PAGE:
Top Three New Year's Resolutions for Africa
Africa's New Year's Resolutions
Top Three New Year's Resolutions for Africa are to End Corruption, Eradicate Terrorist Violence, and Establish and maintain Good African Governance. Africa’s top three New Year's resolutions could actually be achieved; millions of ordinary people across Africa write down their aspirations and work to fulfill their New Year's Resolutions in the New Year.
Top Three New Year's Resolutions for Africa
New Year's Resolutions for Africa, End Corruption
Corruption is holding Africa back from becoming a world power. Corruption is endemic to the way of life in much of Africa. Transparency International, a global watchdog organization says 75 million people in Africa below the Saharan desert paid a bribe in 2014. Corruption has saturated all life facets African’s life from simple things like access to medical care, schools and jobs, to the grand scale of it all like award of contracts and use of public resources. The effect has been great inequalities both in access of services from government offices as well as opportunities for investment with many local and foreign firms discouraged and forced to close business. Misappropriation of public funds and biased awarding of tenders compromises on the quality service available to the members of the public.
As a result, the enormous gap between the haves and haves nots is huge. While some African governments are making strides to end corruption, the perceptions of corruption and level of trust from the average citizen show corruption is a serious life or death issue. In Liberia 7 out of 10 people in the country say they have had to pay bribes to access basic services like healthcare and schooling.
"Corruption creates and increases poverty and exclusion. While corrupt individuals with political power enjoy a lavish life, millions of Africans are deprived of their basic needs like food, health, education, housing, access to clean water and sanitation," said José Ugaz, chair of Transparency International, in a statement.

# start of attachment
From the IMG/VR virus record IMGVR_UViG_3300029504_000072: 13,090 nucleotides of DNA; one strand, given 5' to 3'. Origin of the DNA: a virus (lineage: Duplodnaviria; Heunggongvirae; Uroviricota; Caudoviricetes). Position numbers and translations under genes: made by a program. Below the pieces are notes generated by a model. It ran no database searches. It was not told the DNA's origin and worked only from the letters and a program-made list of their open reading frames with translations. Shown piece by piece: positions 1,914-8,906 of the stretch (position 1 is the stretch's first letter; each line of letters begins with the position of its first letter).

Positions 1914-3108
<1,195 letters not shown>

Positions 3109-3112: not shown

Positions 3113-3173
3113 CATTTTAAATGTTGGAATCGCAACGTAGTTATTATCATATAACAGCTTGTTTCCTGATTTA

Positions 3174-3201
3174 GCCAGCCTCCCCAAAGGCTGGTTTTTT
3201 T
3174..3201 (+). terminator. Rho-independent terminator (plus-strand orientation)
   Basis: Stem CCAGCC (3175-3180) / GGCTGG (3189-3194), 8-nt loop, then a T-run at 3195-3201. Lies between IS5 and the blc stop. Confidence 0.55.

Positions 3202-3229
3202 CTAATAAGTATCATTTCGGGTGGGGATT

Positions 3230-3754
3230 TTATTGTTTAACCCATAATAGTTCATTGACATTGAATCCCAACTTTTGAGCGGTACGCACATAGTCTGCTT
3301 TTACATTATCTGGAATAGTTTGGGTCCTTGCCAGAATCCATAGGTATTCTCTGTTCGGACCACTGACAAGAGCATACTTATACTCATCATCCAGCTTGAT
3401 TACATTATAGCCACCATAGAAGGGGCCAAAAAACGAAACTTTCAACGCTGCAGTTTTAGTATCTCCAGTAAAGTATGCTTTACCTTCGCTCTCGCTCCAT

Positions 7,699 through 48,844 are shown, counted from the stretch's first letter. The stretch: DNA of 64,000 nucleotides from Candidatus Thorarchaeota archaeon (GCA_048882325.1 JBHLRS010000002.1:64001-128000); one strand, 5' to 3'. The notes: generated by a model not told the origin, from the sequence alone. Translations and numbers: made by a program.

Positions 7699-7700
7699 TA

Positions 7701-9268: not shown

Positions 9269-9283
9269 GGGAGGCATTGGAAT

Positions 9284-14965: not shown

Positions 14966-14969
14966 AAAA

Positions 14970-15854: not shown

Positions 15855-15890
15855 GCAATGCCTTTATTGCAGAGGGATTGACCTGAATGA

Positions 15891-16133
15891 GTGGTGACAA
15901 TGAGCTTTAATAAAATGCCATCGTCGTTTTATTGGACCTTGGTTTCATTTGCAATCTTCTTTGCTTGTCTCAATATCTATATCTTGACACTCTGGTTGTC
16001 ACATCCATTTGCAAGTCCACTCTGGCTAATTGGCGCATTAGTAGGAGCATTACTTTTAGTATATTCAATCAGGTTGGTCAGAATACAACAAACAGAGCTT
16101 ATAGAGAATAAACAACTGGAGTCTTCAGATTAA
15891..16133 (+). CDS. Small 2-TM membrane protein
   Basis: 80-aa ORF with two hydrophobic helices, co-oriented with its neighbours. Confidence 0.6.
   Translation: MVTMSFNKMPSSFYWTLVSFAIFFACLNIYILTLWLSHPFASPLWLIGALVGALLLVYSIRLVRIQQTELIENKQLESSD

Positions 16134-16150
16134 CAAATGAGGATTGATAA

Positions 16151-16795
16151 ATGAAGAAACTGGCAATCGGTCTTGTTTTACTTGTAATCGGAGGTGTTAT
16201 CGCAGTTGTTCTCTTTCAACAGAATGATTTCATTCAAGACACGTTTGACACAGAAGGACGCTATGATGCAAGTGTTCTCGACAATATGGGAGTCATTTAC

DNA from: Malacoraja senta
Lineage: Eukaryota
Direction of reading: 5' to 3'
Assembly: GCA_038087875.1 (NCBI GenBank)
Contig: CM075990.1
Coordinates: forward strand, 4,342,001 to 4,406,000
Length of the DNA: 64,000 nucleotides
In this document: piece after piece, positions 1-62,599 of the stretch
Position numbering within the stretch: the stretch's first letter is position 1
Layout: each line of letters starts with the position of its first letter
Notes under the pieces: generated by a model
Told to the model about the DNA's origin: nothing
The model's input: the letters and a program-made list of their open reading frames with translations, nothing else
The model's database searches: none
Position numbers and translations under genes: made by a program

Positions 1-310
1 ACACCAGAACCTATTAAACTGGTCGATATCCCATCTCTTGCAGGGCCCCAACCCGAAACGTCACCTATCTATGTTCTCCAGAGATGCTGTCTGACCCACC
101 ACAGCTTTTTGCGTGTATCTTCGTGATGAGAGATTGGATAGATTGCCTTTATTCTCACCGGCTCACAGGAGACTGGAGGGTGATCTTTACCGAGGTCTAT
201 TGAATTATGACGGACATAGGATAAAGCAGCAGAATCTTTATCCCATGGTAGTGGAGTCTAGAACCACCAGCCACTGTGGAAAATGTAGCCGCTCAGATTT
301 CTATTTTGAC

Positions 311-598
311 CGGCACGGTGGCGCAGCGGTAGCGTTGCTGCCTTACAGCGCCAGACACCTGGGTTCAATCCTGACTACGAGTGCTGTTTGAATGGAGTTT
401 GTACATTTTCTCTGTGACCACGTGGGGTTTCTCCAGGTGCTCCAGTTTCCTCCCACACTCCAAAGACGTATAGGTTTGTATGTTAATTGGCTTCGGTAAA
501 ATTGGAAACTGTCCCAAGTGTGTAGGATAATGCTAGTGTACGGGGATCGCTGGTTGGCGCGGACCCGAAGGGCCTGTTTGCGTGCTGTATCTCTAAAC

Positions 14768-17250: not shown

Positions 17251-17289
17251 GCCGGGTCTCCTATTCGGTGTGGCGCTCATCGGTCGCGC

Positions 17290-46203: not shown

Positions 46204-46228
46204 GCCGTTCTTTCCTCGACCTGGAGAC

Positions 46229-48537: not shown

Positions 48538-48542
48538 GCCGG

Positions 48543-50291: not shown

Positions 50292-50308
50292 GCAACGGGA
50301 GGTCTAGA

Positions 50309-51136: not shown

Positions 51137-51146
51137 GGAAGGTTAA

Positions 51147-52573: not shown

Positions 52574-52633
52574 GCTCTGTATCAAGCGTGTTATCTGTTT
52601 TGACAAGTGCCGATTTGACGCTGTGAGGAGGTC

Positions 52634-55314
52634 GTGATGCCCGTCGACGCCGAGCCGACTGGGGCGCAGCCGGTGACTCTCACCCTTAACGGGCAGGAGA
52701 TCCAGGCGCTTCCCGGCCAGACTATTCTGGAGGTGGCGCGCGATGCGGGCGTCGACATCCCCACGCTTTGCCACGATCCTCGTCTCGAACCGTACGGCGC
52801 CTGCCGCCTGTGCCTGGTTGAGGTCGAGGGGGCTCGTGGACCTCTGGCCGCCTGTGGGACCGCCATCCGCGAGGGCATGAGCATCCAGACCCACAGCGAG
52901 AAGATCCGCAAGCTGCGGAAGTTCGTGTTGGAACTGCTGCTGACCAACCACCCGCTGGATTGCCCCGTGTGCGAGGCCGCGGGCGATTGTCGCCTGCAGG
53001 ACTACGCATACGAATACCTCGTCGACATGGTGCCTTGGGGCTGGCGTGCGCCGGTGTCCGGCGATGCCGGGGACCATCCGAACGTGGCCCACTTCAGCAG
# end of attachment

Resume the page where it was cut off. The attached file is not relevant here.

New Year's Resolutions for Africa, Eradicate Terrorist Violence
Parts of Africa are under constant terrorist attacks and live with the constant threat of terrorism throughout their daily lives. The four groups responsible for the majority of the terrorist attacks or suspected are Al-Shabaab, Al-Qaeda, Islamic State and Boko Haram.
Insecurity is rampant across Africa hindering progress at national and regional levels. From the urban crime to terrorist groups to civil wars and political instability, the examples violence is endless. The brutal insecurities affect all factors of life including loss of infrastructure causing colossal displacement of people, loss of foreign investments, and loss of innocent lives.
About the four groups responsible for the majority of the terrorist attacks in Africa:
Al-Shabaab means The Youth in Arabic is a Salafist jihadist group based in East Africa, mainly Somalia. Al-Shabab has staged numerous attacks in Kenya because it has sent its troops into Somali territory. In February 2010, the group is allied to al-Qaeda. Al-Shabaab has carried out more than 360 attacks in Somalia from 2006-2017.
On January 27, 2017, Al-Shabaab killed at least 57 soldiers in takeover of peacekeeping base in Kulbiyow, Somalia. In the middle of the day on September 21, 2013, al-Shabaab fighters stormed a busy Nairobi Kenya shopping center, throwing grenades and firing indiscriminately at shoppers for 4 days resulting in at least 67 deaths. Al-Shabaab was declared terrorist group by US on March 18, 2008.